Woodbine Mayor William Pikolycky, like many local officials in New Jersey, is unhappy with the pace of the state Legislature - and he has a right to be.

Pikolycky supported the 2 percent property-tax cap for local governments that was passed by the Legislature and signed by Gov. Chris Christie in July. Lawmakers were expected to spend the summer working on 32 accompanying property-tax reform proposals - the so-called "tool kit" that would give local officials the tools they need to curb costs and make the tax cap a more realistic law.

But summer has faded. Labor Day has passed. And just a little more than half of those proposals have even been introduced; fewer still have come up for hearings or discussion.

That seeming hesitancy to tackle reforms that are fiercely opposed by public-employee unions has an air of deja vu about it: In 2006, the Legislature held a special summer session on dozens of sensible proposals for property-tax reform. By the time January rolled around, most of them had been trashed - and the rest so watered down that they had little impact. League of Municipalities Executive Director William Dressel said the Legislature passed a 2006 cap law and, after that, "their momentum for other structural reforms melted away."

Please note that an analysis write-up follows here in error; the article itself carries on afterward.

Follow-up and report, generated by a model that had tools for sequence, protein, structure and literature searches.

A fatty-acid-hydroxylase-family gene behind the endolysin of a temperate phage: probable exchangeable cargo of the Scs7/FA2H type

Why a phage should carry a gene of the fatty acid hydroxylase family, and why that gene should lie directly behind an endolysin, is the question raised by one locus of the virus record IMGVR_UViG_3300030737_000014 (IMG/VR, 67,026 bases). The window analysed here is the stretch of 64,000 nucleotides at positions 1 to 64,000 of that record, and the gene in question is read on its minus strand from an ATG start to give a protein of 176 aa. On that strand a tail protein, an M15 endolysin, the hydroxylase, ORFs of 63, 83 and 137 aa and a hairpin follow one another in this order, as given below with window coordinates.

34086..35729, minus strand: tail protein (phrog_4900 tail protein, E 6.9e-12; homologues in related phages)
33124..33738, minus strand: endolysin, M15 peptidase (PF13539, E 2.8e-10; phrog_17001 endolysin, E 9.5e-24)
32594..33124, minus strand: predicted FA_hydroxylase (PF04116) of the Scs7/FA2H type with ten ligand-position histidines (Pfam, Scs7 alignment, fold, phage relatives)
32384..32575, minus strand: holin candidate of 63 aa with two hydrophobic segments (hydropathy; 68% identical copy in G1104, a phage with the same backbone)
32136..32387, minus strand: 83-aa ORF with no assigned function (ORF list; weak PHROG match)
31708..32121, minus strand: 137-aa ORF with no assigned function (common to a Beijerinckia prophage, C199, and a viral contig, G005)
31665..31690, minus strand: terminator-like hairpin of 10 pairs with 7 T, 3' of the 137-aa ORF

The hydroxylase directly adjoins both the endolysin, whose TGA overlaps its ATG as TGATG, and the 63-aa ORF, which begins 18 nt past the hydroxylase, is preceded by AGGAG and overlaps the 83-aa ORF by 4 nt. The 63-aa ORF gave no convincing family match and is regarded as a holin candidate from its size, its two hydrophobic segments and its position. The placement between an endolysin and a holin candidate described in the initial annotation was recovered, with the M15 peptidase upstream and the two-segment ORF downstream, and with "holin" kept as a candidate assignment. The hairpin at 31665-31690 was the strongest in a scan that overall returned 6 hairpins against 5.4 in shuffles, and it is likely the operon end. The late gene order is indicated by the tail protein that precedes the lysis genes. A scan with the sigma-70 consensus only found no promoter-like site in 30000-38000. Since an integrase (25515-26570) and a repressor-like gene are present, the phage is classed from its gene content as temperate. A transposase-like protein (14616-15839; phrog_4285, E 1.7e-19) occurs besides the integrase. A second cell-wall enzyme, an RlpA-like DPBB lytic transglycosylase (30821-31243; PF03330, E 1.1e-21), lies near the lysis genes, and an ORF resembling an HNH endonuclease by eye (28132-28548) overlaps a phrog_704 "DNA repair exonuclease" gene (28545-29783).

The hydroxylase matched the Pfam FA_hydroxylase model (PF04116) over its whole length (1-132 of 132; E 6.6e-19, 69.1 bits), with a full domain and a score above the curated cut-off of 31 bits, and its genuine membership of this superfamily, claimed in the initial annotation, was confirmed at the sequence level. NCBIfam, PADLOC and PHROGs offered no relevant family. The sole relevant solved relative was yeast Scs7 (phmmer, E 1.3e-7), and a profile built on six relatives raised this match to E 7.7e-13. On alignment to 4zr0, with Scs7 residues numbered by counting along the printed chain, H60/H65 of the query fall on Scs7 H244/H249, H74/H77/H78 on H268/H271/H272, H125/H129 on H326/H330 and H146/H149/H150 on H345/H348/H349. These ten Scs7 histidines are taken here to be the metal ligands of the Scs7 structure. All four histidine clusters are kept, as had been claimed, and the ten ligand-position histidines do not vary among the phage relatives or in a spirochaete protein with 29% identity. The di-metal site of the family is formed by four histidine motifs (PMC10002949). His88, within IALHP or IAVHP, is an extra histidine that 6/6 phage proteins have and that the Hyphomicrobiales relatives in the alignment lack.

Dressel and others fear that's happening again. But this time, structural reforms are even more critical. Property taxpayers can't absorb more steep increases. And towns and schools will be hard-pressed to hold down expenses and maintain even a minimal level of services if they don't get relief from such cost-drivers as high arbitration awards and overly burdensome civil-service rules.

Pikolycky was particularly interested in the portions of the tool kit that relate to shared services. Woodbine just entered into an agreement to share its municipal court with Middle Township. Civil-service rules require buying out existing union contracts and bumping other employees for those with seniority, potentially wiping out savings from shared services. Christie's proposals would change that. In addition, Pikolycky said he wants to see additional legislation that would allow a town to sever contracts with its municipal judge, for example, if it enters into an agreement to share a court with another town.

Not every proposal in the tool kit is expected to be passed intact. But what is the holdup in getting these measures introduced and heard in committee? Is the Legislature still afraid of angering public-employee unions, which donate heavily to state campaigns? Is it so loath to act upon Christie's agenda?

Whatever the reasons, it's going to take more than editorials in newspapers and complaints from local officials to get the Legislature moving more quickly on this. It's going to take public pressure from taxpayers. Go to PressofAtlanticCity.com/opinions and click on "Your Lawmakers" to find your state representatives. Tell them if you believe these proposals should be a top priority this fall.

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